Screening for Applicants’ COVID-19 Concerns: Can You? Should You?

Employers may decline to hire candidates who refuse to work onsite

By Lin Grensing-Pophal July 9, 2020

​HR professionals know that the interviewing process can be time-consuming and costly, and there's always the risk that a candidate will accept an offer elsewhere. But 2020 brings a new concern and potential risk—that fear of COVID-19 will cause candidates to back out of the process even after an offer has been made.

There has been plenty of news coverage surrounding what employers can and shouldn't do about screening job applicants for physical symptoms related to COVID-19. But what about screening them for their attitude about entering a new workplace during the ongoing pandemic? At what point in the hiring process should it be explored, if at all?

Employers can take steps to minimize the risk that concerns about COVID-19 will cause candidates to remove themselves from consideration after a job offer is made. The first step is transparency. Communication—from the outset—can help to minimize, if not eliminate, the potential for surprises late in the hiring process.

[SHRM members-only toolkit: Interviewing Candidates for Employment]

Strive for Transparent Hiring

"It's important throughout the hiring process that both the candidate's expectations and those of the employer be effectively communicated," said Wendi Fairchild, a senior executive recruiter at LandrumHR, an HR consulting and outsourcing firm based in Pensacola, Fla.

"A solid job description stating job duties and responsibilities—as well as workdays and hours, and work location—is essential," she said. That includes being upfront about whether the position requires working from home or offers the flexibility to work from home during the pandemic and over what period of time.

Transparency should work both ways. "Given COVID-19's status as a global pandemic, it is entirely appropriate for employers to inquire with applicants about their attitudes toward COVID-19," said Michael Elkins, a partner and founder of MLE Law, a labor and employment business law firm in Fort Lauderdale, Fla. "They should just make sure they're inquiring for all applicants."

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Respond to Requests for Special Considerations

Regardless of how openly, honestly and transparently you communicated throughout the recruitment and interview process, though, there is always a possibility that a candidate will have second thoughts once an offer is made and the reality of reporting to work looms. In addition, the situation with the virus is fluid, and much can change from the time of the initial interview to the job offer.

If you find yourself faced with a request from a new hire to work remotely, there are several things to consider, according to Fairchild:

  • Are there any Americans with Disabilities Act (ADA) requirements that the candidate shared during the interview process that would prohibit them from entering the workplace?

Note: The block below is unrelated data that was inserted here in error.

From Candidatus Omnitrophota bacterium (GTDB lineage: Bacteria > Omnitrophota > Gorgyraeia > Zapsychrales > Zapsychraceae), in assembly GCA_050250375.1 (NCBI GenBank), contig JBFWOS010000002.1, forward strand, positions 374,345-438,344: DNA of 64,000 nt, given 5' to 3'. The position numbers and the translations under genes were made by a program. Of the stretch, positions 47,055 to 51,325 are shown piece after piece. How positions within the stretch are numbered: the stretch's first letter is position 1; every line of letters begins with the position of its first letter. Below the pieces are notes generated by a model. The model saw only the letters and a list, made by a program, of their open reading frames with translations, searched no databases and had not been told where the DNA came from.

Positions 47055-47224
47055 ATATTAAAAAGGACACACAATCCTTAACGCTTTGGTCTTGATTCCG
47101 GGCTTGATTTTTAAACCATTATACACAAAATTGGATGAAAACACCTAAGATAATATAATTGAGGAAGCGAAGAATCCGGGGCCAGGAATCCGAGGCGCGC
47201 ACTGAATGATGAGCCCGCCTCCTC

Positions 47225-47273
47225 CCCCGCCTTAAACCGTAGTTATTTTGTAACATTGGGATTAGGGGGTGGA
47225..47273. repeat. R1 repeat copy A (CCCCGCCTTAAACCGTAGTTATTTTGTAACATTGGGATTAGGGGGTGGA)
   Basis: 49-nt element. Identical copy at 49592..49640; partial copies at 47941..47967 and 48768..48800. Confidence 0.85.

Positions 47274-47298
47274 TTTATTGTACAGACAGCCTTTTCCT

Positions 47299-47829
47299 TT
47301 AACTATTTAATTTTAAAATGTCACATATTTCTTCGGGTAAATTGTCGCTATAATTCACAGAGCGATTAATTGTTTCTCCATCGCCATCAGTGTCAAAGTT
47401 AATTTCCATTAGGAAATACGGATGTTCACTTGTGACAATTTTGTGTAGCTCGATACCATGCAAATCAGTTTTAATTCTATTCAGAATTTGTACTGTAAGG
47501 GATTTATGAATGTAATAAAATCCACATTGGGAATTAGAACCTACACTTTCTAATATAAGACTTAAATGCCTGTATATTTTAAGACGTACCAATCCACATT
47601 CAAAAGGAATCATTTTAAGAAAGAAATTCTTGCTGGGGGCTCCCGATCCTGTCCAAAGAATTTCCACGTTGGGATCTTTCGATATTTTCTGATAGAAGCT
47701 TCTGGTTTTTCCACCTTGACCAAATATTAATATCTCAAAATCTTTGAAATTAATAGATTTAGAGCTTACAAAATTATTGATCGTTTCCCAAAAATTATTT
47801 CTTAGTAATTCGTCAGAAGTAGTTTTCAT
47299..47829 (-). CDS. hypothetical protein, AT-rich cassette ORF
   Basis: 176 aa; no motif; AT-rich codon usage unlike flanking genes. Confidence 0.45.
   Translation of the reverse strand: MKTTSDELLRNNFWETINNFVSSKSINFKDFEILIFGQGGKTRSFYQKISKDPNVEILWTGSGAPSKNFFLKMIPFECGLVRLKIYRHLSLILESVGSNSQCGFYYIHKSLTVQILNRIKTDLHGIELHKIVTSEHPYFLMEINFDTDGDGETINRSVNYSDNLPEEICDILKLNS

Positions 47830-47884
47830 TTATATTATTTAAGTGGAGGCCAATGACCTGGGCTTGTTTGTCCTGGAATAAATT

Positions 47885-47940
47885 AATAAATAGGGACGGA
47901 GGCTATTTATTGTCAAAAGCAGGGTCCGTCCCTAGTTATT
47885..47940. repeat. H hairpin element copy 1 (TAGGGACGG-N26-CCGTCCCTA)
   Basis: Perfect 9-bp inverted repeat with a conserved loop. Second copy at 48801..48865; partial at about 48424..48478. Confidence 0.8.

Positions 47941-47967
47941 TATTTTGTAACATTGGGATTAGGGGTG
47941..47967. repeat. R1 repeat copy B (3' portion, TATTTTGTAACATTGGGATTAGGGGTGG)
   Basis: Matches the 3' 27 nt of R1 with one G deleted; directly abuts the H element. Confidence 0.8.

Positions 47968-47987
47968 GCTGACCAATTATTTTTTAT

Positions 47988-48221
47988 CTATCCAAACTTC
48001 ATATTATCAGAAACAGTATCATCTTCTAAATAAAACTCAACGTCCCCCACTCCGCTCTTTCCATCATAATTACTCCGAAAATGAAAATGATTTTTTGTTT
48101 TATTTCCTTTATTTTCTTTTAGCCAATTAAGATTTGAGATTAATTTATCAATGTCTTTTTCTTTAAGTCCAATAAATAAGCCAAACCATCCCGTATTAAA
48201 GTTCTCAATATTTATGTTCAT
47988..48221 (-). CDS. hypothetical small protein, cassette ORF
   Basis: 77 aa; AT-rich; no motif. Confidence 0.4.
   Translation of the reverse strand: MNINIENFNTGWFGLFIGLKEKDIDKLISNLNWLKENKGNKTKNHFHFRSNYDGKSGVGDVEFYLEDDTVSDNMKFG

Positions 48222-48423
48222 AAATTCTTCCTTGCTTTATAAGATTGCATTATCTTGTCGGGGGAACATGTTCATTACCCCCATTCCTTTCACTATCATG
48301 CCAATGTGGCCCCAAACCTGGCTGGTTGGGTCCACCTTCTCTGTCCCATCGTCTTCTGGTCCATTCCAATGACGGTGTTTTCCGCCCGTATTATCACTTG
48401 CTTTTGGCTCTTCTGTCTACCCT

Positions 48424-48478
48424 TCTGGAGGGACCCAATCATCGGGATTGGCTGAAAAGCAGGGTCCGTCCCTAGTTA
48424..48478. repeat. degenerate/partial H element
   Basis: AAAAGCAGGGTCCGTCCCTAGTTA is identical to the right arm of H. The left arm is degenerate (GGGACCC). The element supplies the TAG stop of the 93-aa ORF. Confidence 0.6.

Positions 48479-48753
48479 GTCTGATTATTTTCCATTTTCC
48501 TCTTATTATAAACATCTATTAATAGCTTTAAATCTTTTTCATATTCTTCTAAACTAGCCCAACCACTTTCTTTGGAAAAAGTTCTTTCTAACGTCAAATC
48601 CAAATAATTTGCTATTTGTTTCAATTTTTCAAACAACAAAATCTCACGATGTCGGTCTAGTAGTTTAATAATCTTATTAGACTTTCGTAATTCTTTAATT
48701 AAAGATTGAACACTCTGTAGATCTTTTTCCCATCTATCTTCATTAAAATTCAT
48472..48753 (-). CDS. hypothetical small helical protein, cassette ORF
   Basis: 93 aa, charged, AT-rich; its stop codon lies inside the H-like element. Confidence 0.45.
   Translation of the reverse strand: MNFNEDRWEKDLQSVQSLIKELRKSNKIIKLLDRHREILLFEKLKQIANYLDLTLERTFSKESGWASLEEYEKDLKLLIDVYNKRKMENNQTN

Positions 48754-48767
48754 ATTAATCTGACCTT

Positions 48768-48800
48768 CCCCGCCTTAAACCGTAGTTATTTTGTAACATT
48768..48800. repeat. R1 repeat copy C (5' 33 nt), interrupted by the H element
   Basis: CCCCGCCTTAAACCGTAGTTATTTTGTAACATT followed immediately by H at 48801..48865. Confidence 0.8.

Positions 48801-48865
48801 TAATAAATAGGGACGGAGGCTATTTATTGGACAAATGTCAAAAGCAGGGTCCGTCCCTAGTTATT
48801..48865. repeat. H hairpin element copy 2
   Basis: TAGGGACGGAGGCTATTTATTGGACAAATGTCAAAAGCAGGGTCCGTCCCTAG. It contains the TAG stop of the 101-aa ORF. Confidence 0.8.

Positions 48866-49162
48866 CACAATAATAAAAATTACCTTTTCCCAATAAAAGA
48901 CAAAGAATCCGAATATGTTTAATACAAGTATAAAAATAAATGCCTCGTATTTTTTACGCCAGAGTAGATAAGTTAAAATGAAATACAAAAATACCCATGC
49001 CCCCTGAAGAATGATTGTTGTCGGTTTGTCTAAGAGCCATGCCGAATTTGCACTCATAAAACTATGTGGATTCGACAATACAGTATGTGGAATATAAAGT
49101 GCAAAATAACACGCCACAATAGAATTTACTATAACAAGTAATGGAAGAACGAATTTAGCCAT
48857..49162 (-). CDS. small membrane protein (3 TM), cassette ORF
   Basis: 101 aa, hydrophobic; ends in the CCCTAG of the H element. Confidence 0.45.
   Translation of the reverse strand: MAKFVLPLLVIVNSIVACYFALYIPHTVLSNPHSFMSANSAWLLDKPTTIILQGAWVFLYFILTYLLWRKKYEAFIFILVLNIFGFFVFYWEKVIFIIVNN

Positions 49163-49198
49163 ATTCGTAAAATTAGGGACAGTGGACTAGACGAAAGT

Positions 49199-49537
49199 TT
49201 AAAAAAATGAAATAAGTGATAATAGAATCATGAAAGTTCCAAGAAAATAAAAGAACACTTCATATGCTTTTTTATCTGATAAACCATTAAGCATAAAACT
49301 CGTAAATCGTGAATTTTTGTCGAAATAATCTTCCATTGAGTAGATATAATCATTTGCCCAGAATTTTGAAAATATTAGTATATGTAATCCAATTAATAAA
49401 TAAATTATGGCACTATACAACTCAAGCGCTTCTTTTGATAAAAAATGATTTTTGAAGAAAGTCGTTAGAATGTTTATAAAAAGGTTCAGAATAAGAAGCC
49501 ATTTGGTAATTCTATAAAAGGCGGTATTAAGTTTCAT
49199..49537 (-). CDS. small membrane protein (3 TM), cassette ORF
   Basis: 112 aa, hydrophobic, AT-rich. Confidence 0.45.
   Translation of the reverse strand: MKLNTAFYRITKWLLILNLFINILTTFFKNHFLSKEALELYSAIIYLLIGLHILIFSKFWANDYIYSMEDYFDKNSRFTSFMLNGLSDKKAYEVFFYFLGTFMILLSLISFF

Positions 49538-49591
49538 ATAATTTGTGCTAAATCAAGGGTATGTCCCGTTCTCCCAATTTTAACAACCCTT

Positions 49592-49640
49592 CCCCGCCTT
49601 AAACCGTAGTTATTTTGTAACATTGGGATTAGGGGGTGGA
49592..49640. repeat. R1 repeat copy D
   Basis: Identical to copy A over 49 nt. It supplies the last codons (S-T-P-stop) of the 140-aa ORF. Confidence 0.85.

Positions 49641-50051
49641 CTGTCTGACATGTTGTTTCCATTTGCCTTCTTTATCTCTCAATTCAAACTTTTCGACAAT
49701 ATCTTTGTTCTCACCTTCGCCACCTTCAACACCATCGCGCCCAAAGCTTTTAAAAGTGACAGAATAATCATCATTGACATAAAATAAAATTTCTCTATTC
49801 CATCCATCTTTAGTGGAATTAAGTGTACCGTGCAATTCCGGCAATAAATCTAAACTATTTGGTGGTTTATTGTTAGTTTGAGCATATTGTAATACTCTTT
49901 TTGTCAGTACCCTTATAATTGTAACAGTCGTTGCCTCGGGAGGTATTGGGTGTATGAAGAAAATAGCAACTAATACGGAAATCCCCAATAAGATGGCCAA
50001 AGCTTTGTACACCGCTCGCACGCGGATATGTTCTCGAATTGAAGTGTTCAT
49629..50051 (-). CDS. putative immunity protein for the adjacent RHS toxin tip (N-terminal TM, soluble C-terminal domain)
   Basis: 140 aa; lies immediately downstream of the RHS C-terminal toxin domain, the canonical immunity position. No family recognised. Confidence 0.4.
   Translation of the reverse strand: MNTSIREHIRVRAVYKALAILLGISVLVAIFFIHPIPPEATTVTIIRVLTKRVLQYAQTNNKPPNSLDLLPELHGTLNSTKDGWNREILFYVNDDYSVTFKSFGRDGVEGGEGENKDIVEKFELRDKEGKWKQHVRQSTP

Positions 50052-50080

• What kinds of measures has the organization implemented to assure the new employee that the necessary precautions are in place to promote a safe environment (e.g., daily screenings, social distancing, sanitizing of workspaces, etc.)?
  • Can you be flexible with this position? Could there be a trial period during which the employee starts remotely and then slowly acclimates into the workplace?
  • Since the candidate interviewed, has his or her situation changed in such a way that he or she could have originally reported to a worksite location but now needs to work from home, perhaps because of child care obligations?

Often, accommodations can be made. But if they can't, and the position absolutely requires the employee to be onsite, employers still have some options.

When It Just Won't Work

Whether for logistical reasons—the work simply can't be done remotely—or to ensure internal consistency, employers do have the right to decide not to hire a candidate who isn't able to perform the job as required.

"Employers may decline to hire applicants who refuse to work at the company's designated work location, whether that be onsite or remotely," Elkins said.

Fairchild agrees. "As long as there are no ADA requirements to be met, the candidate was provided with a written job description that included work hours and location, and expectations were fully communicated during the interview process that the job would be onsite, the employer can advise the candidate that remote work is not an option for the position," she said. "If the candidate refuses to report to the worksite location, the employer can rescind the job offer."

If ADA requirements apply, it's important for employers to know their obligations under the law, noted Eileen Oakes Muskett, partner at the law firm Fox Rothschild in Atlantic City, N.J. An employer that extends an offer of employment and then learns the applicant is not ready to report to the work environment and would rather work from home faces several risks, she said. These include potential liability for disability discrimination for failure to hire and the need to engage in the interactive process to determine if the new employee can be provided with an accommodation.

"Employers may be liable for a discriminatory failure to hire if the decision is motivated by the candidate's disability, which can include mental illness or other conditions [that] may prevent the employee from working at the company's facility," Muskett said. "The interactive process requires employers to engage in an interactive and constructive dialogue with the employee to determine if the concerns they have about entering the work environment can be alleviated and the options for doing so."

Lin Grensing-Pophal is a freelance writer in Chippewa Falls, Wis.



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